Any real-world experience with a home fuel cell?
September 3, 2009 7:43 PM   Subscribe

Does anyone have experience with a home fuel cell?

I'm in Southern California where the livin' is easy but electricity is pricey. I've been considering photovoltaics for awhile, but recently heard about the ClearEdge CE5 home fuel cell. I can find very little on the web besides marketing information; I'm hoping others might have more practical input.
posted by ChromeDome to Home & Garden (3 answers total) 1 user marked this as a favorite
IIRC this is a spinoff of GE's residential fuel cell which has been in development for quite some time. I really really wanted this when we built our house. 5kW is good enough and the developers very sensibly decided to have the cooling water available for space heating. Had I not paid to put a mile of Pacific Flicker & Flash line in I'd probably still be waiting for the fuel cell. It's been GE vaporware for five years.
posted by jet_silver at 8:55 PM on September 3, 2009

I don't know from fuel cells, but I did see a "This Old House" where they did a full solar energy system. Photovoltaics for the electricity, and wacky vacuum tube things for hot water. This was in the Northeast, and the system was able to generate heat in very cool temperatures. They were glass tubes with smaller rods inside. The tube was evacuated, so that no heat passed in or out. The sun warmed the rod inside, which had some kind of fluid inside that did a liquid to gas transition when it picked up sunlight. The heat traveled up to a closed loop system and warmed the water. I want to say that they were getting about 100degree water on a cloudy 40 degree day.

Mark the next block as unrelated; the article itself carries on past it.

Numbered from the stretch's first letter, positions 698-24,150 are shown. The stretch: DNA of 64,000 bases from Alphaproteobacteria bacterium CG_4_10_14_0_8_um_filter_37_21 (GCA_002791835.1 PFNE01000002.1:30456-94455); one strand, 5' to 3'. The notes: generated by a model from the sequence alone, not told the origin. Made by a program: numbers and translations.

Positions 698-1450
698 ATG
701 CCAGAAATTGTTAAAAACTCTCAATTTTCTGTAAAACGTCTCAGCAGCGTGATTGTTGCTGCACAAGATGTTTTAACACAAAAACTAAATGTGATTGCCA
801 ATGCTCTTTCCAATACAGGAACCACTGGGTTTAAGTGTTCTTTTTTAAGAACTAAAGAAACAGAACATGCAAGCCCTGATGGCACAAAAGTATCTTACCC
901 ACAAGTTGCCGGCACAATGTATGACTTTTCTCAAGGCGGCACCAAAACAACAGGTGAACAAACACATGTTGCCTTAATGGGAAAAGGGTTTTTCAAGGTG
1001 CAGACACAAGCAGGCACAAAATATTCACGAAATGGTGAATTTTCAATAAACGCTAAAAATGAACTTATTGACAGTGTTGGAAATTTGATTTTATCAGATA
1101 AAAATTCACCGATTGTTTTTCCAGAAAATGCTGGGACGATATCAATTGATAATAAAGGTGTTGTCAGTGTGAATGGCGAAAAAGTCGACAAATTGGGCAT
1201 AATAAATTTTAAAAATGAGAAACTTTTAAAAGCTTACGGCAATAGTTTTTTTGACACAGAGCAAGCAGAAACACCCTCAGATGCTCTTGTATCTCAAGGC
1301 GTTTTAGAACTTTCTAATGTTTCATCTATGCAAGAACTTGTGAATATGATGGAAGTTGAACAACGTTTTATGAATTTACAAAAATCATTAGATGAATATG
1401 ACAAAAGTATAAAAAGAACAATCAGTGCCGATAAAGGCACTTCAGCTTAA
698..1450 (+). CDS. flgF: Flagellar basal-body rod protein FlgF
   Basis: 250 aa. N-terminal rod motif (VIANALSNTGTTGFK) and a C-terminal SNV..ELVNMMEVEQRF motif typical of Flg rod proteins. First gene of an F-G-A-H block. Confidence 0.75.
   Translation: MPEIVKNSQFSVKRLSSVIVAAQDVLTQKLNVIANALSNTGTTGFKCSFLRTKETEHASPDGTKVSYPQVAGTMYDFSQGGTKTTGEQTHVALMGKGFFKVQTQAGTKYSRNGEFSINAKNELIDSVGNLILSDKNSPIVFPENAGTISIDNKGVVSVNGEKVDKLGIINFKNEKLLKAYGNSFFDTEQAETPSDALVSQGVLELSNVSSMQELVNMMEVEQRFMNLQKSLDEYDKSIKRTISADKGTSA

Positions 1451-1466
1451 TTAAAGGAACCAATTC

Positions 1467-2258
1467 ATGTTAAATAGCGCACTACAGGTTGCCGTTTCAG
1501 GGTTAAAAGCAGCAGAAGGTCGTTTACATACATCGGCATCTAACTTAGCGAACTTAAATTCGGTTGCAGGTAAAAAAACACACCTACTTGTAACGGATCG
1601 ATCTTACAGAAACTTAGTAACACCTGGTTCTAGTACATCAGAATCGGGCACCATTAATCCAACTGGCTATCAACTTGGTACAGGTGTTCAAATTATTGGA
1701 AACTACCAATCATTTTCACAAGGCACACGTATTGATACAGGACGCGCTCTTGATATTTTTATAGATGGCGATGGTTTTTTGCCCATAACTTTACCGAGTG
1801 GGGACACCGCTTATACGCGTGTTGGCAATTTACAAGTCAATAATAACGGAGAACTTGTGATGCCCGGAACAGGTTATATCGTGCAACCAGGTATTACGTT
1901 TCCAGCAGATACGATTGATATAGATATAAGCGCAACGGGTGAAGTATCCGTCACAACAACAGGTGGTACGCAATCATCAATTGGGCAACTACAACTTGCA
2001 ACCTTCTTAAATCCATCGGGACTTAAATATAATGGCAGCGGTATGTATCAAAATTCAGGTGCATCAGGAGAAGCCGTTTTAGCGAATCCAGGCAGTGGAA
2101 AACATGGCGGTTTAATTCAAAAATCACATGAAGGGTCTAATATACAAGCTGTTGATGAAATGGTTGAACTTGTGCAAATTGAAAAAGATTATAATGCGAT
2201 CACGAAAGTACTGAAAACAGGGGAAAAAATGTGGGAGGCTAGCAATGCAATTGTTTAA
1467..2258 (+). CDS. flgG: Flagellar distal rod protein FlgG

The photovoltaic system was huge, but not terribly expensive when you priced it against its expected lifetime. All they had to do for maintenance was go up and clean them off a couple times a year.

A fuel cell is supposedly more efficient, but the pricing is still high. Far as I know, anyway.
posted by gjc at 6:48 AM on September 4, 2009

the livin' is easy but electricity is pricey

Just in case you're not already clear, you're not going to save money on electricity, if that is your priority. There are all kinds of good reasons to install alternative power systems, but saving money is not one of them. You need to want non-grid power for other reasons, or you will not be happy with it.
posted by -harlequin- at 11:49 AM on September 4, 2009

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